Dataset-specific Instrument Name
Lachat QuikChem 8000
Generic Instrument Name
Flow Injection Analyzer
Dataset-specific Description
Nutrient analyses (NO₃, NO₂, NH₄) were performed with a Lachat QuikChem 8000 automated ion analyzer (Lachat Instruments, Milwaukee, WI, USA).
Generic Instrument Description
An instrument that performs flow injection analysis. Flow injection analysis (FIA) is an approach to chemical analysis that is accomplished by injecting a plug of sample into a flowing carrier stream. FIA is an automated method in which a sample is injected into a continuous flow of a carrier solution that mixes with other continuously flowing solutions before reaching a detector. Precision is dramatically increased when FIA is used instead of manual injections and as a result very specific FIA systems have been developed for a wide array of analytical techniques.

Dataset-specific Instrument Name
Beckman Coulter DU800 Spectrophotometer
Generic Instrument Name
Spectrophotometer
Dataset-specific Description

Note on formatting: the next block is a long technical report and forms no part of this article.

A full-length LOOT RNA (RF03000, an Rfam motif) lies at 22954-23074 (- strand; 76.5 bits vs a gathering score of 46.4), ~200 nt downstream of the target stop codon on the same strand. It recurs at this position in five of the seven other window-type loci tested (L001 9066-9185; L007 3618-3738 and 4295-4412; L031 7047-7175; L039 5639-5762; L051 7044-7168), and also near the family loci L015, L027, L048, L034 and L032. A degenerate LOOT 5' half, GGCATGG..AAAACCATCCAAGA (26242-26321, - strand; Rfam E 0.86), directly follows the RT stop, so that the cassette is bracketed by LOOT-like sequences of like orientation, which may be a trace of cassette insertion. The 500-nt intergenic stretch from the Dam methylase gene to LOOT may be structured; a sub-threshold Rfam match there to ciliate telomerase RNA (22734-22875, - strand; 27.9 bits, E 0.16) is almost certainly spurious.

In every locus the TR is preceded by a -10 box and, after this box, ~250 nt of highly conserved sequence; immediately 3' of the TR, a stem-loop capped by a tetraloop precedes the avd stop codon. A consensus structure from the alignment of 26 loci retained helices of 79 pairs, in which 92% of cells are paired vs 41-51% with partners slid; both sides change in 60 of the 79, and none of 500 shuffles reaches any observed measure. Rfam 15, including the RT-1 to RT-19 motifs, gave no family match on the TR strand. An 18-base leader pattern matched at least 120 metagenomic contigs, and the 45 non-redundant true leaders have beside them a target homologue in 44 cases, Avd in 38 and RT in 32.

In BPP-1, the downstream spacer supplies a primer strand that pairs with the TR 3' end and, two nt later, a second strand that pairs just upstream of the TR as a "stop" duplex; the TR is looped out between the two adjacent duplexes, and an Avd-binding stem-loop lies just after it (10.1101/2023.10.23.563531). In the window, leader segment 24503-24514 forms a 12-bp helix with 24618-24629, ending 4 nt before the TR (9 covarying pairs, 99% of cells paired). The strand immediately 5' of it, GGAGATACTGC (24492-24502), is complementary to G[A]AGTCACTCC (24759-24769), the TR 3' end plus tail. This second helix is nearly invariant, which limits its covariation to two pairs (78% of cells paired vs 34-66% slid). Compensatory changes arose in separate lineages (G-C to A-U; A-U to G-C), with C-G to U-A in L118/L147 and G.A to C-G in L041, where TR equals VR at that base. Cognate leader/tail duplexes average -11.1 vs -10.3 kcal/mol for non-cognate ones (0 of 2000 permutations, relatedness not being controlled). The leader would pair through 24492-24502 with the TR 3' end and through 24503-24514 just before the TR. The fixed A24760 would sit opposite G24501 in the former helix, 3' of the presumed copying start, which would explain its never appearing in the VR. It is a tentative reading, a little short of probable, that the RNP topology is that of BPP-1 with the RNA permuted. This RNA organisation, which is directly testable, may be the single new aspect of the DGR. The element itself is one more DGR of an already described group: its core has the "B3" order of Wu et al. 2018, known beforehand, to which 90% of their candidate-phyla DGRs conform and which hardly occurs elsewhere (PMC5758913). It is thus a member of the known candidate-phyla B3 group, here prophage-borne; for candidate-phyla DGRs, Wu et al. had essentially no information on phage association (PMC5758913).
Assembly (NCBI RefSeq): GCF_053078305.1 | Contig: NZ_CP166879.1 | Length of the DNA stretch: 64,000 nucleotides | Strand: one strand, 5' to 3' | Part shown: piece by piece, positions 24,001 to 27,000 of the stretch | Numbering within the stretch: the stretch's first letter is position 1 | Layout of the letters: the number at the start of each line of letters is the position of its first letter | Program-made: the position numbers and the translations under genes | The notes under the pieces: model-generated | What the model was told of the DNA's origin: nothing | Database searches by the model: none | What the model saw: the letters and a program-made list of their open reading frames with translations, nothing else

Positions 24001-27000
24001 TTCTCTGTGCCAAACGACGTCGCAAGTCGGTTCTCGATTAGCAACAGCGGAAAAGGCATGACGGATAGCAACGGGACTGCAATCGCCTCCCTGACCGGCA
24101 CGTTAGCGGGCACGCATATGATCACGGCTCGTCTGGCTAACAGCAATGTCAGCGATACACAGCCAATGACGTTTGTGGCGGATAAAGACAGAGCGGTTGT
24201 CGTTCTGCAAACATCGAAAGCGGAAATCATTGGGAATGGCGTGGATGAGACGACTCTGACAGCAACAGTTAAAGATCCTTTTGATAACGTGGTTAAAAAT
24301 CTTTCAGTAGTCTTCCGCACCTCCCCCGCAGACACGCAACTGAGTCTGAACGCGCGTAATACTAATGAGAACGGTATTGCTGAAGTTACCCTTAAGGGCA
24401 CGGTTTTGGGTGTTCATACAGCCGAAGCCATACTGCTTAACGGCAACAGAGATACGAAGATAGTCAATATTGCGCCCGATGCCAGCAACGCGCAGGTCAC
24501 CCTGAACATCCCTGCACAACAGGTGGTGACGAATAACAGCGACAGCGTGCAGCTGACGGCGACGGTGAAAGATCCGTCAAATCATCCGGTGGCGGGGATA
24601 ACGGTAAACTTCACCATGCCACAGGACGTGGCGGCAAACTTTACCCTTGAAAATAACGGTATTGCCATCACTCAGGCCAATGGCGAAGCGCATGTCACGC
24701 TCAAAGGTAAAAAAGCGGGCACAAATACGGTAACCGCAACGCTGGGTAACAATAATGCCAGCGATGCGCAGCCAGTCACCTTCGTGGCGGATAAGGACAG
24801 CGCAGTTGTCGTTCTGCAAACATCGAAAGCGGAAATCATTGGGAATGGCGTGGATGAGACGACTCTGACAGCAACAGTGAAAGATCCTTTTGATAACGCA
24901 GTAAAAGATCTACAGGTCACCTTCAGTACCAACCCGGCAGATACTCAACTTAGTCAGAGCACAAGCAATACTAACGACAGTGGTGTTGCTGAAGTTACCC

Extracted chlorophyll-a was analyzed on a Beckman Coulter DU800 Spectrophotometer.
Generic Instrument Description
An instrument used to measure the relative absorption of electromagnetic radiation of different wavelengths in the near infra-red, visible and ultraviolet wavebands by samples.

Dataset-specific Instrument Name
membrane inlet mass spectrometer (MIMS, Balzers Prisma)
Generic Instrument Name
Membrane Inlet Mass Spectrometer
Dataset-specific Description
²⁹N₂ and ³⁰N₂ were measured in the liquid form by a membrane inlet mass spectrometer (MIMS, Balzers Prisma).
Generic Instrument Description
Membrane-introduction mass spectrometry (MIMS) is a method of introducing analytes into the mass spectrometer's vacuum chamber via a semipermeable membrane.

Dataset-specific Instrument Name
Costech elemental analyzer (Model 1040)
Generic Instrument Name
Costech International Elemental Combustion System (ECS) 4010
Dataset-specific Description
C:N ratio was measured with a Costech elemental analyzer (Model 1040).
Generic Instrument Description
The ECS 4010 Nitrogen / Protein Analyzer is an elemental combustion analyser for CHNSO elemental analysis and Nitrogen / Protein determination. The GC oven and separation column have a temperature range of 30-110 degC, with control of +/- 0.1 degC.


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Project Information

Alteration of carbon fluxes by intense phytoplankton blooms in a microtidal estuary (LYRE)

Coverage: York River Estuary, Virginia


NSF Award Abstract: